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bill937ca

Can Tokyo's efficient rail system handle Olympic strain?

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bill937ca
Posted (edited)

Can Tokyo's efficient rail system handle Olympic strain?

Organizers to try apps, signs, boats and bots but experts predict chaos

 

https://www.japantimes.co.jp/news/2019/08/18/national/can-tokyos-efficient-rail-system-handle-olympic-strain/

 

First, fans planning to attend the Tokyo Olympics will have to find scarce tickets and pay the price. Then there’s the quandary of landing a hotel room with rates that are being inflated due to unprecedented demand. And the summer heat and humidity will be off-putting for some.

 

Then there’s one more hurdle: getting around, or even finding a tiny space to stand on Tokyo’s famously efficient but over-stressed rail system.

 

Professor Azuma Taguchi at Chuo University has researched Tokyo’s system for years and says it’s already running at double its capacity and the Olympic crunch could push it to the breaking point.

Edited by railsquid
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railsquid
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An officer monitors the flow of public transportation in front of a screen showing Tokyo's web of train lines at the Metropolitan Police Department's traffic control center in July.

 

Cough cough Japan Times, that display is the Tokyo road network. 

 

Personally I plan to be in a different hemisphere while my tax money is being incinerated the Olympic Games are taking place, if only to escape being bombarded about the daily numbers of heat stroke casualties.

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katoftw

Yes I have seen a few comments about traveling while the Olympics are on.  I believe it will be the first time the most workers from Tokyo actually take their annual leave.

 

I have a mate in Tokyo whom is a ALT.  There is discussion about pausing classes for a week just in an attempt to dodge the craziness.

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chadbag

While on the Keiyo line this past week, checking out the new Aquatic Center they are building for the Olympics, I thought about how crowded it was going to be for the Olympics.   The Keiyo line sucks in the sense that you have to walk about 300 miles from the main part of Tokyo Station to get to it, going down about 100 levels.  Then the platforms are not overly large and crowd accommodating , and at rush hour the trains are really packed.   Plus all the people going to Disney ride that line as well.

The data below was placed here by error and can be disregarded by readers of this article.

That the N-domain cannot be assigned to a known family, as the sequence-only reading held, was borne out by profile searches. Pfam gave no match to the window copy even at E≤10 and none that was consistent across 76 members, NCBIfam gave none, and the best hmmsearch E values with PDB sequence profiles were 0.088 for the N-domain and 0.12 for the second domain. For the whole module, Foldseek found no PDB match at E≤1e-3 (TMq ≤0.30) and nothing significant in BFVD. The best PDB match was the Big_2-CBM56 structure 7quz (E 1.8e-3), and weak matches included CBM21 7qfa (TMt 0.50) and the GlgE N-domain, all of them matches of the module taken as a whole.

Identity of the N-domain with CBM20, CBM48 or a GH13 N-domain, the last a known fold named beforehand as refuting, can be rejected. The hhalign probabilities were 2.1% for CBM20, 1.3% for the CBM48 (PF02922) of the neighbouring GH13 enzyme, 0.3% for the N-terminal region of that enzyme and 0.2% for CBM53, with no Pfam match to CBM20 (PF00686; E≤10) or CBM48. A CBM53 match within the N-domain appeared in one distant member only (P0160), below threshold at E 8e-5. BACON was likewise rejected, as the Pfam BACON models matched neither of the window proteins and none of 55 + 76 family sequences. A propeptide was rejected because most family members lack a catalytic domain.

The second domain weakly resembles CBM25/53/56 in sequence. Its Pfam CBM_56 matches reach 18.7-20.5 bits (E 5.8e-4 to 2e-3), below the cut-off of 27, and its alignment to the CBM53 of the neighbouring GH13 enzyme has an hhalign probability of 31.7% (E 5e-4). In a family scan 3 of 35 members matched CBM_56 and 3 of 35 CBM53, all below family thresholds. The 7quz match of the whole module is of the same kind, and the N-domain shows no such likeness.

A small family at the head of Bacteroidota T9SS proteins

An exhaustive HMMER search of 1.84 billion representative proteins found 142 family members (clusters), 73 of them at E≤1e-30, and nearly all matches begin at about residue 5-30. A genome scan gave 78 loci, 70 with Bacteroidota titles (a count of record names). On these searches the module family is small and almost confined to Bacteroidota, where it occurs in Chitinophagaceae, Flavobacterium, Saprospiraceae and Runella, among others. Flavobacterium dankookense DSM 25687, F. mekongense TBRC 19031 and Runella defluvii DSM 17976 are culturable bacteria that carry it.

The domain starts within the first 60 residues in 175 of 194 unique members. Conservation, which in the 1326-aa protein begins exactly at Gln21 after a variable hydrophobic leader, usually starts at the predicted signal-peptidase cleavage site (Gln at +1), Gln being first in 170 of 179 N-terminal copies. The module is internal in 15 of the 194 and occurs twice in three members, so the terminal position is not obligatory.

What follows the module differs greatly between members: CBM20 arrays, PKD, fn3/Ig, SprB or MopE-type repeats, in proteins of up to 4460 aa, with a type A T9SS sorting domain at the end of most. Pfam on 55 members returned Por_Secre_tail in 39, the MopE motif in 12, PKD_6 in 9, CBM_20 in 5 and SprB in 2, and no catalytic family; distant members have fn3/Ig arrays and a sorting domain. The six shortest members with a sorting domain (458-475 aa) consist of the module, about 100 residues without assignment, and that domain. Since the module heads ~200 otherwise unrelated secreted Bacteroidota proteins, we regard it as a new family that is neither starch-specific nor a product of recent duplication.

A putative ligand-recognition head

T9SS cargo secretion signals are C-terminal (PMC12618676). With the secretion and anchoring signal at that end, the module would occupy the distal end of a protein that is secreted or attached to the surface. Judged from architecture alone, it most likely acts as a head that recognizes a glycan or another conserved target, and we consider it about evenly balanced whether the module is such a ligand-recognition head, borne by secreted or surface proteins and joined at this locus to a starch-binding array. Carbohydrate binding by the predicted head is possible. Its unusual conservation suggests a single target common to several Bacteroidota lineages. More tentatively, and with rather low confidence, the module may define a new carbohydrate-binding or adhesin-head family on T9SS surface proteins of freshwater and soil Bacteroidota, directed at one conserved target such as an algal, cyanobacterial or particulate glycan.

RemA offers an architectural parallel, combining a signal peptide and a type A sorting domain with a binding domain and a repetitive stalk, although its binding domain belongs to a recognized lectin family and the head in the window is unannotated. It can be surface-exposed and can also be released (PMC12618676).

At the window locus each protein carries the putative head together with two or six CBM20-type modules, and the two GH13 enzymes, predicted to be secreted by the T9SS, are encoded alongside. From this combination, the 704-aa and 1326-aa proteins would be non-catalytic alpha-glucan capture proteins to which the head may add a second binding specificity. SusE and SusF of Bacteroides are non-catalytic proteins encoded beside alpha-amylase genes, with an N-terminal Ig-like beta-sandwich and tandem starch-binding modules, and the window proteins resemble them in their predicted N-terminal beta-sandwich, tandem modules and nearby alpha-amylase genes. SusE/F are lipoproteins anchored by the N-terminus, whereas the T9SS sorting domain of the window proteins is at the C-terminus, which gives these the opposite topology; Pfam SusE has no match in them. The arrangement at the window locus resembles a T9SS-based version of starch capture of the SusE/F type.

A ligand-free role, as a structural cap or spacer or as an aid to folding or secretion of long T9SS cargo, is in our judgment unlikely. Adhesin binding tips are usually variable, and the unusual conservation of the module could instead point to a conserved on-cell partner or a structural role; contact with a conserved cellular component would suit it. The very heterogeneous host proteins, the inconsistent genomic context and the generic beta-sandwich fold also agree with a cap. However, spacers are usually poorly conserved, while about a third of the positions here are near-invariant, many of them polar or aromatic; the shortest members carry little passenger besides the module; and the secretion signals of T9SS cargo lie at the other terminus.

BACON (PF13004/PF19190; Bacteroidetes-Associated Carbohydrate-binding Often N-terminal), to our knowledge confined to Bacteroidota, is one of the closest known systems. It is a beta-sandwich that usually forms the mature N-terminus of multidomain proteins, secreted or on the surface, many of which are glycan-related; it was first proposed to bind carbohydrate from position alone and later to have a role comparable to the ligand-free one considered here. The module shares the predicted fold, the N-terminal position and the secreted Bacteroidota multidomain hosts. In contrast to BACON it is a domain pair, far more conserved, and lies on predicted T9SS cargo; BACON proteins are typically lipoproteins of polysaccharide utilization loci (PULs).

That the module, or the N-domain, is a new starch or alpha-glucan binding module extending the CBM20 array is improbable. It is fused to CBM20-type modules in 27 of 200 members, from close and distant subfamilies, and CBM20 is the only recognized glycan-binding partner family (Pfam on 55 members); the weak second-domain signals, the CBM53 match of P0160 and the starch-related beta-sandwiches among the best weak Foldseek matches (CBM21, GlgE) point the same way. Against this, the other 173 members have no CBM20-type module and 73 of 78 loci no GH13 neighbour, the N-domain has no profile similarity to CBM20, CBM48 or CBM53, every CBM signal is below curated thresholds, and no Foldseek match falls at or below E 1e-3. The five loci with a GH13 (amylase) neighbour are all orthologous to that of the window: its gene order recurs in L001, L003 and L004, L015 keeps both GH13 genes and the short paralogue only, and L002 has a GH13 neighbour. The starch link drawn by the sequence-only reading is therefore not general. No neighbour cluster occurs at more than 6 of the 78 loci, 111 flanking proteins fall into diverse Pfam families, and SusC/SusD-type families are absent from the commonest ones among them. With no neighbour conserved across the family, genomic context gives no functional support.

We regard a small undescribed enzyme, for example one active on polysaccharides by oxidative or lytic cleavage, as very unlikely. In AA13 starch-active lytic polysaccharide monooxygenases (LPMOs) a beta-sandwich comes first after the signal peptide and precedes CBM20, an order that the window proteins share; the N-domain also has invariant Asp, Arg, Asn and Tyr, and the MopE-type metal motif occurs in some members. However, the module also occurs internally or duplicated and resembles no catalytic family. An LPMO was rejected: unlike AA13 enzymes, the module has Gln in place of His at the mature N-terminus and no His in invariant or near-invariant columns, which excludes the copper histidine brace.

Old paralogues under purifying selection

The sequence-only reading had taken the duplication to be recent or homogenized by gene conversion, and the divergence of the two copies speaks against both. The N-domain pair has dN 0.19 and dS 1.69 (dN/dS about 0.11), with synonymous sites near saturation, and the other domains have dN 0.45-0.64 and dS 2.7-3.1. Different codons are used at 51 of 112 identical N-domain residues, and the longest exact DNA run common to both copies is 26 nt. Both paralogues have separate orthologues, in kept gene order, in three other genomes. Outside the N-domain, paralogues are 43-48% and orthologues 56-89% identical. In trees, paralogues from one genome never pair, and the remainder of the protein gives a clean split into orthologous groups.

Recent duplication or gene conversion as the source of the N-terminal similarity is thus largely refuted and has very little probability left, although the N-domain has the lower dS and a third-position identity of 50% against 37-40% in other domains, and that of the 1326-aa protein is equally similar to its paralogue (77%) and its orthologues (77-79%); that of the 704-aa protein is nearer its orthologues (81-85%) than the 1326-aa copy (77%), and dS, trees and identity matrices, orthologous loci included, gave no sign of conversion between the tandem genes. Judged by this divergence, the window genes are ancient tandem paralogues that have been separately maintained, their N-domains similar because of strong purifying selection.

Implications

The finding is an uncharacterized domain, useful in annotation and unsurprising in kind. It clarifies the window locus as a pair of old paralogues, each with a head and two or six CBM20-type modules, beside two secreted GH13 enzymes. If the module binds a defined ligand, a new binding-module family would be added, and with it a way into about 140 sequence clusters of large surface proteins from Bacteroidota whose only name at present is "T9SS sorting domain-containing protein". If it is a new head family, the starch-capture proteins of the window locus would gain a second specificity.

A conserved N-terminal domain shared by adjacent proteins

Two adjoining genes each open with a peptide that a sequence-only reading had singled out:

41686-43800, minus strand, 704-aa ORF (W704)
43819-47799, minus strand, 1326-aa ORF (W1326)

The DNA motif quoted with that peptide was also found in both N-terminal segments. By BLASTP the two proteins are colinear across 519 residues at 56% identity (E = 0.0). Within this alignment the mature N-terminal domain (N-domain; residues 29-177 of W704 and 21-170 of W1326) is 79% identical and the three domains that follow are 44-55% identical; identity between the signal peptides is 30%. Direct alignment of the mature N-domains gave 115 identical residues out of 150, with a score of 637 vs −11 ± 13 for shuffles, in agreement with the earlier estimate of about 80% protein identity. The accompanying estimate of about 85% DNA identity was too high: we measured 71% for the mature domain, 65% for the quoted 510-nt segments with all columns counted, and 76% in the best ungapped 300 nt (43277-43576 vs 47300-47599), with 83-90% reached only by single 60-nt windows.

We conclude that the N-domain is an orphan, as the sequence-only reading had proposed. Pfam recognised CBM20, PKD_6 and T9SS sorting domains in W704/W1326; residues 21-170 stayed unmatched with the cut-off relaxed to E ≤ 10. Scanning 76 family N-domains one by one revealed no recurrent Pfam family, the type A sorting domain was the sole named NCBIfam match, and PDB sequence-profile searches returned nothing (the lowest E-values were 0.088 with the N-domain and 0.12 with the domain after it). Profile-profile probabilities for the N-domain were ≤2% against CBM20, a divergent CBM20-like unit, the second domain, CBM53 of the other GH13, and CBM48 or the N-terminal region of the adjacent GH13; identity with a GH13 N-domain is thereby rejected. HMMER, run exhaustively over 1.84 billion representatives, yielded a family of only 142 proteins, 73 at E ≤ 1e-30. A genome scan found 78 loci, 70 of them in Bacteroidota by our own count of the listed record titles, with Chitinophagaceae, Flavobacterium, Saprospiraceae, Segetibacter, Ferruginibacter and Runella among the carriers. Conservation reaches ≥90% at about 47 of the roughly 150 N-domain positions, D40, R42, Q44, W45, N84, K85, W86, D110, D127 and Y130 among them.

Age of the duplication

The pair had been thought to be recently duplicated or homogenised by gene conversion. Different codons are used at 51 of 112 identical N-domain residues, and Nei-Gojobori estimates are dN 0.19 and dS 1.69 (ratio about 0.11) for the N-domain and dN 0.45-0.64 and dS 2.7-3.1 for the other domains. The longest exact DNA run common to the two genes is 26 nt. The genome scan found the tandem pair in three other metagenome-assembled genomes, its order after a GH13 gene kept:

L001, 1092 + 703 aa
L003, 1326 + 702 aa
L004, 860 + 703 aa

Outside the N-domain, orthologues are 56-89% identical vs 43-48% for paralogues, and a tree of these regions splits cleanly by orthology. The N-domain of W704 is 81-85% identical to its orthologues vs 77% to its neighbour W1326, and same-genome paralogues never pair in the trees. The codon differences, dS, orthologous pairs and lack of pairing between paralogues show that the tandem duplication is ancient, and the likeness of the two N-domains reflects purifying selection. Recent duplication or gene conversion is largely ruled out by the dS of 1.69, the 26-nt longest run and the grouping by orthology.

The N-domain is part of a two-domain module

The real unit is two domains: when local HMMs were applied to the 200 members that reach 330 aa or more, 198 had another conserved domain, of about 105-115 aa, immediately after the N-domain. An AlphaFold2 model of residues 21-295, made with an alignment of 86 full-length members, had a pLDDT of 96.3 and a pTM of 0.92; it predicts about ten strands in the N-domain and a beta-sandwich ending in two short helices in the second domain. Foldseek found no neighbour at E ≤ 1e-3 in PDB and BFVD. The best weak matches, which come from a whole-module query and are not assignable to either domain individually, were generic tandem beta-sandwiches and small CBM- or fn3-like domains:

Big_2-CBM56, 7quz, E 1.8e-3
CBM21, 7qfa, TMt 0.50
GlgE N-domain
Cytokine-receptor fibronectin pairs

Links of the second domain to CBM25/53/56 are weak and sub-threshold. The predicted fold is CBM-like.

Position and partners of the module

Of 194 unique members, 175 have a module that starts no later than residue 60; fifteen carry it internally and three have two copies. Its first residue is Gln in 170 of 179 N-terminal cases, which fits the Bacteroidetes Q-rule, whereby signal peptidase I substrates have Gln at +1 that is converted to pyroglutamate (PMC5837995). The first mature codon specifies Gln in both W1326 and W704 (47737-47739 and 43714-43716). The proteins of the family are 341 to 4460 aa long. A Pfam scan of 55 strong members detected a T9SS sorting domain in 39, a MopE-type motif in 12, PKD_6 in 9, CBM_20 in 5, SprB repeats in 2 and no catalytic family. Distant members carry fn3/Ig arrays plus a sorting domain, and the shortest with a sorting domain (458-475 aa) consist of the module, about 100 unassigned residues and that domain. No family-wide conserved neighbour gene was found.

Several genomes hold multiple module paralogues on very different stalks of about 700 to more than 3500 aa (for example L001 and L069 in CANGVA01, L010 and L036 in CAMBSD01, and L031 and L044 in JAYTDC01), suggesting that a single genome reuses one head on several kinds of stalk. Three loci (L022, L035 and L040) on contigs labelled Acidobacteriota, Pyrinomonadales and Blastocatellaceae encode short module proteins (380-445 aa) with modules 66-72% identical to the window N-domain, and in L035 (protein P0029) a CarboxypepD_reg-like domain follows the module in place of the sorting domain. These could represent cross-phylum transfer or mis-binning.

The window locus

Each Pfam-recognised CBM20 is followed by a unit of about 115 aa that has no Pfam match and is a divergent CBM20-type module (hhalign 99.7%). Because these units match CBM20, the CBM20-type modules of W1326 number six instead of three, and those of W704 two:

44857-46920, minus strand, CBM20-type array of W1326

Good luck 

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Kiha66
Posted (edited)

In Los Angeles during the 1984 games similar insane traffic was predicted and everyone braced for the end of times.  However all the people avoiding the area out of fear of traffic actually caused the opposite to occur, with mostly unclogged freeways as locals headed out of town or tried to stay home.  This happened again when a bridge was to be demolished leading to a major pass being closed for the weekend and months of worry about the impending "carmageddon", only for everyone to stay home and the crisis to be averted.   Hopefully something similar will happen with the Tokyo games as regular commuters may try to take time off rather than brave the expected hoards of people, leading to a much less stressed system than expected.

Edited by Kiha66
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railsquid
2 hours ago, katoftw said:

Yes I have seen a few comments about traveling while the Olympics are on.  I believe it will be the first time the most workers from Tokyo actually take their annual leave.

 

 

July 24th - August 9th:

 

https://en.wikipedia.org/wiki/2020_Summer_Olympics#Calendar

 

The main O-Bon holiday week in 2020 will be the week after that.

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Kamome

The same apocalyptic hypothesis was banded around in London before 2012.

 

Its probably strategic anxiety to try and cut down on regular users. I remember using the tube during the London Olympics and it’s the quietest I’d ever seen it.

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bikkuri bahn
Posted (edited)

Typical Japan Times hyperbole- always take their reports with a heaping hand of salt.  By the way, the picture caption is wrong, the MPD monitor is of Tokyo's road and expressway system (you can barely see one of the lines labeled as "Kannana Dori"- one of the major peripheral roads in Tokyo).  The police are responsible for monitoring the roads obviously, and the railways are responsible for their own lines- you wouldn't expect the police to know anything about traffic control on railways- it is out of their league.

Edited by bikkuri bahn

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railsquid
1 hour ago, bikkuri bahn said:

Typical Japan Times hyperbole- always take their reports with a heaping hand of salt.  By the way, the picture caption is wrong, the MPD monitor is of Tokyo's road and expressway system (you can barely see one of the lines labeled as "Kannana Dori"- one of the major peripheral roads in Tokyo).  The police are responsible for monitoring the roads obviously, and the railways are responsible for their own lines- you wouldn't expect the police to know anything about traffic control on railways- it is out of their league.

 

Beat you to it 😉

 

On 8/18/2019 at 11:38 PM, railsquid said:

 

Cough cough Japan Times, that display is the Tokyo road network.

 

 

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